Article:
How teamwork makes the dream work in Bible translation

By November 15, 2022

International (MNN) — There’s much to be said about collaboration in the workplace. A 2018 business study found that when employees work as a team, 73 percent do better work, and 60 percent are more innovative.

The same principles apply to Bible translation. When everyone works together, more gets done. Andy Keener sees this firsthand as the Executive Vice President for Partnerships at Wycliffe USA.

“I get the privilege of working with churches and Bible agencies worldwide to help identify Bible translation needs, develop projects with local leaders and churches, and provide funding and monitoring,” Keener says.

Bible translation used to be done by the West for the rest. Now, the workforce and process are shifting. More about Bible translation trends here.

The Kaninuwa of Papua New Guinea see Bible translation as a primary way to shape, equip and revive the next generation.
(Photo, caption courtesy of Wycliffe USA)

“Over the last generation, the center of gravity of the Church has been moving south and east from traditional Europe and North America,” Keener says.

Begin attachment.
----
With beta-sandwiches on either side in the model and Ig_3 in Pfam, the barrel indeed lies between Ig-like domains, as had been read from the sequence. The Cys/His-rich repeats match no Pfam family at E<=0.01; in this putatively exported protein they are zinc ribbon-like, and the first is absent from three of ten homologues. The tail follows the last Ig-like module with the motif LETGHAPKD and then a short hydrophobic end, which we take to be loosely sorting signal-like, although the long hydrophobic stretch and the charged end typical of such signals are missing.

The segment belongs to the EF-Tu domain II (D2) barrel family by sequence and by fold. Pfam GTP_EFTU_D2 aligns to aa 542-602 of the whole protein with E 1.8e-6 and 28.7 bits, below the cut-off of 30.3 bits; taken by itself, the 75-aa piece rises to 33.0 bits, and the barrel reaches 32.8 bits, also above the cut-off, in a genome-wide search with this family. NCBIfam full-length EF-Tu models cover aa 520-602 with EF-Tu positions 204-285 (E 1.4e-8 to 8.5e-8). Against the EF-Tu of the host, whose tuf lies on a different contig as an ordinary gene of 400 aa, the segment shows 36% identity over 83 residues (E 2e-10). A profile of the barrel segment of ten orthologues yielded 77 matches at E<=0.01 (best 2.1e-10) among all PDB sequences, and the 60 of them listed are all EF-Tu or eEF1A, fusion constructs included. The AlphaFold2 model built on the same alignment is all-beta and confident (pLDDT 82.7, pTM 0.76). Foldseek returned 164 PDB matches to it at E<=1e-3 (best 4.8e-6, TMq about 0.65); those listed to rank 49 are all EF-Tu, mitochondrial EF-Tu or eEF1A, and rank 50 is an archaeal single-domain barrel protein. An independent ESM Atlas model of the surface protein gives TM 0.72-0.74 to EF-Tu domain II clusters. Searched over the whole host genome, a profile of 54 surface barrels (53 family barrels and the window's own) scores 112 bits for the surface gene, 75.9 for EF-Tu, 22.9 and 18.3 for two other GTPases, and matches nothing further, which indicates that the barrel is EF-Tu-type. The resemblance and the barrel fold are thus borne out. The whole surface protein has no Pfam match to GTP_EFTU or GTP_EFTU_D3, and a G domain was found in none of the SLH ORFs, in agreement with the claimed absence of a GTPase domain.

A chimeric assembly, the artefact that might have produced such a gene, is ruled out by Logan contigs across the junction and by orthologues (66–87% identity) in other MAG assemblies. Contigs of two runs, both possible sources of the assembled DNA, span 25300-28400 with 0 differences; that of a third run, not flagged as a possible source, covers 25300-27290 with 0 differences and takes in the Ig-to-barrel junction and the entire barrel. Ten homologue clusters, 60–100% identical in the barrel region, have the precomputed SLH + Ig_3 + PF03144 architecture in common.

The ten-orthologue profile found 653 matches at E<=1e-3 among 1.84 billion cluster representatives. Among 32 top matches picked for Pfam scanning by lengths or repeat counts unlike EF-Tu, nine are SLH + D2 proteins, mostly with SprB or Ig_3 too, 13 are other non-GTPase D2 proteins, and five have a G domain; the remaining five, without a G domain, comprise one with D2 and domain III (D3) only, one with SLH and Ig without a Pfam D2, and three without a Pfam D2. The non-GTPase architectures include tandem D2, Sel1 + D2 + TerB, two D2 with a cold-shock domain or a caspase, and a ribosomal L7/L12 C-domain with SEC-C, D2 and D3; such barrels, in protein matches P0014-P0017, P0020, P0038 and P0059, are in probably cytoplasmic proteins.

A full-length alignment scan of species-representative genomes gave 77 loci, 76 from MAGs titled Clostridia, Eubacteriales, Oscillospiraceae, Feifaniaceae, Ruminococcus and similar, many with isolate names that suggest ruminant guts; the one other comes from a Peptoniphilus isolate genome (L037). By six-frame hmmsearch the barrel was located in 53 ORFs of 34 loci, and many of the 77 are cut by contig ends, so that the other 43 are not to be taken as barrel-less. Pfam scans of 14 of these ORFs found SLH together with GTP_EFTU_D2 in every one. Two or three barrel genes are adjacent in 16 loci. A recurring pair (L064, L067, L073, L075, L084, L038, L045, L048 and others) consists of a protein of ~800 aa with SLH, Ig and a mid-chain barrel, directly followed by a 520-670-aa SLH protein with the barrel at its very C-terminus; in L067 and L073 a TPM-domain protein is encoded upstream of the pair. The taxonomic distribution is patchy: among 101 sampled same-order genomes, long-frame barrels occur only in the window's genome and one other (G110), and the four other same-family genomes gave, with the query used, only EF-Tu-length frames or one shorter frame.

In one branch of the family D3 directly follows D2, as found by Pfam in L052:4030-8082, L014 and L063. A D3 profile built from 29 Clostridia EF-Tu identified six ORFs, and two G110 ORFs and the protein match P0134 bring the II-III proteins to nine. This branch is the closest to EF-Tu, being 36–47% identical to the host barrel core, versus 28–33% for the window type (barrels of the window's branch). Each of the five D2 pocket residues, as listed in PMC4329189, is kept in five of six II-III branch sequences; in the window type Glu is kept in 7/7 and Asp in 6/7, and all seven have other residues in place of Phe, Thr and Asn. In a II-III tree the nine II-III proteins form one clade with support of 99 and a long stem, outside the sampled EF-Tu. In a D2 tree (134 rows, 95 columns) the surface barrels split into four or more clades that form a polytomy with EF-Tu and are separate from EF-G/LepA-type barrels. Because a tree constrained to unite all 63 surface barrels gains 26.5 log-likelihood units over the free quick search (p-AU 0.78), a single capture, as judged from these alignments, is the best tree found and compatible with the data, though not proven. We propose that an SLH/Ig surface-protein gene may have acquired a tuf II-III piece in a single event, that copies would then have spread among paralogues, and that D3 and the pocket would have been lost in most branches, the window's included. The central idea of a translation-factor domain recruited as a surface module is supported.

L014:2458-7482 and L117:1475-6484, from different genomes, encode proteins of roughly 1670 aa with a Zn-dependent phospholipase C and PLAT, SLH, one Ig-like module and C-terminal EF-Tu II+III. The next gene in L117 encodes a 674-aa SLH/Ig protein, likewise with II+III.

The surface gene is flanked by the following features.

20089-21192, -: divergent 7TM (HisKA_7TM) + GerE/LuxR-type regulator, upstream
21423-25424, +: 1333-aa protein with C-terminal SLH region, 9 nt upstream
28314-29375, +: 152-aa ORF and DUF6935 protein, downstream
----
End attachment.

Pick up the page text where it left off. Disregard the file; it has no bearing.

“It’s not that there are fewer Christians in North America and Europe. It’s just that the growth of the Church in South America, Africa, and Asia has been so phenomenal.”

Western organizations like Wycliffe USA still have an essential role to play. It’s just different from before.

“More Bible translation workers [come] from these local communities. These [local church] leaders are saying, ‘this (Bible translation) is the responsibility of the church,’” Keener says.

“But [they realize] it’s a very technical thing to deal with the Word of God and Bible translation. So, through a variety of networks, we connect with them; we say, ‘how can we support you?’ it’s really about meeting them where they are; bringing the tools, resources, and networks that we have; and connecting with needs on the ground.”

The Great Commission workforce may be shifting, but that doesn’t mean believers in the West get a free pass. Find your place in the story here.

“One of the things you can do immediately is to pray. Sign up for a monthly PDF file you can get through email; that will share specific prayer requests from communities around the world doing Bible translation,” Keener says.

You can also “find ways to give towards projects around the world,” he adds.

 

 

Header and story images courtesy of Wycliffe USA.